I think so sometimes at the Park. I think the Jay whisperer too out front of the house. This morning I put peanuts on the ledge for the jay(s). There are small yellow leaves falling and it is windy again today so I moved the leaves so “everyone” could find their peanuts. I think it was too windy for the jay to land on the cement ledge as it’s too narrow, so he squawked at me when I returned home because the squirrels got peanuts before him and he had none. So, me … being the amicable person I am with the “house critters” went in and got more peanuts and put them on the porch where he could access them. I also pointed to the ledge. At the Park, you would laugh, because the squirrels can’t find peanuts on the path sometimes – other times they go right to them, sometimes they see me and don’t make a connection, so I go near them and wiggle the bag to get their attention, and have their eyes follow me so they can see where I put the other peanuts. They promptly go over (and they often pee on the peanuts to mark them as their own). (I should mention that to Sarah Shonk, a follower; she is a young Canadian grad student who is now living in the U.S. and doing grad work in conservation education – her primary focus is on gray squirrels this semester). Grady probably does the same thing – I see wet spots on the porch all the time. 🙂

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      • interesting Linda! I never knew they peed on the food to keep others away from it. They must each really hate the smell of each others urine?

        Liked by 1 person

      • lindasschaub says:

        I thought it was interesting too Wayne – when I first noticed it, I thought it was a tree overhanging the path and leaves had some moisture that dripped down onto the pile of peanuts; then I noticed it on the perimeter path with no trees around, so paid closer attention, then noticed the squirrels go over and I saw them pee on the peanuts. It does not happen every time but enough times to make me be aware. After observing this, I Googled and found out that they have poor eyesight but a good sense of smell, so they may take a peanut and bury it and then can’t find their other peanuts when they return, so they pee on them to identify their scent. I saw it happening last year on the front porch too, especially after I fed them on the porch, scattering peanuts on top of the fresh snow. So they can identify me, who doles out treats, and run up to me (okay … I am big enough to find), but peanuts on the path, they discover by luck only or through pee I.D. The fact that I stand there to point and coax them over …. well, they seem oblivious to what I put there and I don’t want the jays to grab all the peanuts before my furry friends get them. The jays in the Park and at my house are ever watchful of what is transpiring with the peanuts and are shameless when they swoop down.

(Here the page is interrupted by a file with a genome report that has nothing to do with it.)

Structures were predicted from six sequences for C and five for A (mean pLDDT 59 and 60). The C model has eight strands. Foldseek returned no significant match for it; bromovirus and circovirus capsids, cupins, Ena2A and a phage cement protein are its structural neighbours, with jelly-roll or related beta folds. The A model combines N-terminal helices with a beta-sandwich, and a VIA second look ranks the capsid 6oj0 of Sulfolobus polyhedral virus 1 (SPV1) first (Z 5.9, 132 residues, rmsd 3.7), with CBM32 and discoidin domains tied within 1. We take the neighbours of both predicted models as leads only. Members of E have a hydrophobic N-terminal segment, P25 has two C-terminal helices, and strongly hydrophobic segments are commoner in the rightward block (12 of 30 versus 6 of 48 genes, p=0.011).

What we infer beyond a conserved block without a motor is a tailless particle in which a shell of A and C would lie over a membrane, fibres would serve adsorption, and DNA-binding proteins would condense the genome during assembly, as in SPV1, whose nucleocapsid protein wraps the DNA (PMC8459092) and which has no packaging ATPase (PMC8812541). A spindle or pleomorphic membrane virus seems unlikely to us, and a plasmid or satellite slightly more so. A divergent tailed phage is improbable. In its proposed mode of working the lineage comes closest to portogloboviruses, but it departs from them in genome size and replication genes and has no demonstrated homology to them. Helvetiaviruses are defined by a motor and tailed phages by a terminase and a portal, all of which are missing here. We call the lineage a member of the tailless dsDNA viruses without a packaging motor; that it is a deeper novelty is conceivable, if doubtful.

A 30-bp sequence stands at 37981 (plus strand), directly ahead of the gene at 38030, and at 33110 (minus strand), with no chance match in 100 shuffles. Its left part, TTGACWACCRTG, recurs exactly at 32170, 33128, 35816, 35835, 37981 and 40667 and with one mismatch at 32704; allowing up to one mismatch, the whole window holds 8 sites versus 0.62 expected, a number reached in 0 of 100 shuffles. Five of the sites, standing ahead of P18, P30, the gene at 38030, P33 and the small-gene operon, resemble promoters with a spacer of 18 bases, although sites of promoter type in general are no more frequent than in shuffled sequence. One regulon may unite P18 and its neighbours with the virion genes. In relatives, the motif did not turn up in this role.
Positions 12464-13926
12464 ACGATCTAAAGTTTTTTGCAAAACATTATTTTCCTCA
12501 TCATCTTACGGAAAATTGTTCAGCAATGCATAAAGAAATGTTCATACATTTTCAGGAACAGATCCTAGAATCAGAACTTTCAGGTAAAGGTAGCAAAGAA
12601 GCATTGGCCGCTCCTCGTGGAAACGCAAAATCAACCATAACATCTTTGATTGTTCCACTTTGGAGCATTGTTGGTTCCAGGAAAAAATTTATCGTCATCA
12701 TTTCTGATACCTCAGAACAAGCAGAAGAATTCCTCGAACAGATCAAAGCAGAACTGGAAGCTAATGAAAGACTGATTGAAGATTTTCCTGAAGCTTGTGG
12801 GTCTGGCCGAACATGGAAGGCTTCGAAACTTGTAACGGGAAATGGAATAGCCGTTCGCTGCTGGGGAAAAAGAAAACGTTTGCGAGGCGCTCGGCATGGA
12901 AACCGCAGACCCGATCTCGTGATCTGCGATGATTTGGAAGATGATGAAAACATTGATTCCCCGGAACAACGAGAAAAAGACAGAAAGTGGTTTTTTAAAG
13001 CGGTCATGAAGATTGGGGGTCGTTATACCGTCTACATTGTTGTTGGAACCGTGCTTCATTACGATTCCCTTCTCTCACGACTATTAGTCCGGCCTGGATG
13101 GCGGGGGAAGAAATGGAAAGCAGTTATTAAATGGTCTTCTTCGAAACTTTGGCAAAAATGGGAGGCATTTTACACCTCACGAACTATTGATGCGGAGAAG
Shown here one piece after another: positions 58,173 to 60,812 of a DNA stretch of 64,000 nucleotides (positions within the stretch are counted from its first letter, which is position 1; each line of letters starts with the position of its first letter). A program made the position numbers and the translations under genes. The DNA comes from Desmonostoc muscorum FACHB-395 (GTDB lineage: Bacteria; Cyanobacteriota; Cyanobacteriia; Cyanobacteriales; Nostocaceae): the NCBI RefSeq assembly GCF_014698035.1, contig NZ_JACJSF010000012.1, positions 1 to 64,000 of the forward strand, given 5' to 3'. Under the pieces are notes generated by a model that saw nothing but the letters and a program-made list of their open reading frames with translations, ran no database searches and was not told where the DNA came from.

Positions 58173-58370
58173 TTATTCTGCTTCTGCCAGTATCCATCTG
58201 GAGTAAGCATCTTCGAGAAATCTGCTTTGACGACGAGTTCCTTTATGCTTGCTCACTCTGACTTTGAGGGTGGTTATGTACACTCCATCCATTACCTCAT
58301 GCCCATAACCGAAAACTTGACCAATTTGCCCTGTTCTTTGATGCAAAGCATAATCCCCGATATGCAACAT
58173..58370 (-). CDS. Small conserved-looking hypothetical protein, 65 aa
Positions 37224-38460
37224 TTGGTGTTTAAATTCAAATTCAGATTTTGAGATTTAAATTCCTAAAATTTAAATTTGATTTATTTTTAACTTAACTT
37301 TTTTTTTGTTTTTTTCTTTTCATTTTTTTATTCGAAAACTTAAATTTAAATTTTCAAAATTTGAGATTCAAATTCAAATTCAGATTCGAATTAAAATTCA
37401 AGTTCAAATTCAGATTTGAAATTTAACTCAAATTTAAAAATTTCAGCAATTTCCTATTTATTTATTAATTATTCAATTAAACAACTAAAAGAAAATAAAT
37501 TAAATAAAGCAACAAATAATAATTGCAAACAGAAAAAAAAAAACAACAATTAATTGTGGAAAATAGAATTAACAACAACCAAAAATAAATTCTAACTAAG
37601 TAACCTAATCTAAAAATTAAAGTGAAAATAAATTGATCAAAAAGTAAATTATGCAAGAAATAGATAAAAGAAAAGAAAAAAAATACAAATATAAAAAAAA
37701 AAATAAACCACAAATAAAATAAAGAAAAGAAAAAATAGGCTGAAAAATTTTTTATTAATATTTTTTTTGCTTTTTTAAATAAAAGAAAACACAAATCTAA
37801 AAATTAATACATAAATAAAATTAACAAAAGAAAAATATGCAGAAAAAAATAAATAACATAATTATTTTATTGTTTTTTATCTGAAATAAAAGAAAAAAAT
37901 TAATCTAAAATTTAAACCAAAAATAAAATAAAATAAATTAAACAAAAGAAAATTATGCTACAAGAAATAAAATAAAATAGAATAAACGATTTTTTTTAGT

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      • as long as they don’t pee on you!
        To trick those Jays glue some peanuts down and laugh!

        Liked by 1 person

      • lindasschaub says:

        No, I jump back on time, don’t want them to pee on my shoe!! This morning it was very cold – a “real feel” in the 20s and a little windy and we’re supposed to have a wintry precip tonight, so I knew I would not likely be walking there tomorrow a.m., so I took a whole bag of peanuts and left extra peanuts along the trail for them. I feel badly for them as we did not have a normal cooling down period for Fall – it just was either this rain, high winds and cold … this morning I saw about 15 squirrels out as I walked the first time around. I drove today so I could get five miles walked. So walked five times around the pathway where all the squirrels are. They ate, and did not bury any of those peanuts as there were shells everywhere. Thought that was interesting – they were either starved or figured they had enough buried nuts already. They cracked them and ate them on the spot. So, I saw this story just now and sending it to you since you mention tricking the Jays. I had two Jays going from tree to tree this morning as they tried to decide when to come down to ground level. Anyway, I follow Michigan Wild Birds Unlimited on Twitter – they published this story today. You sent me a link awhile ago about squirrels doing this very same thing: pick up a peanut, listen to how it sounds, test the weight, etc. Interestingly, Blue Jays do the same thing. I almost sent my “Pumpkins for Munchkins” post to WBU to say that they may do it when they have time, but when they grab a peanut from the squirrel’s little pile, it is “grab and go!” People should never label birds a “bird brain”.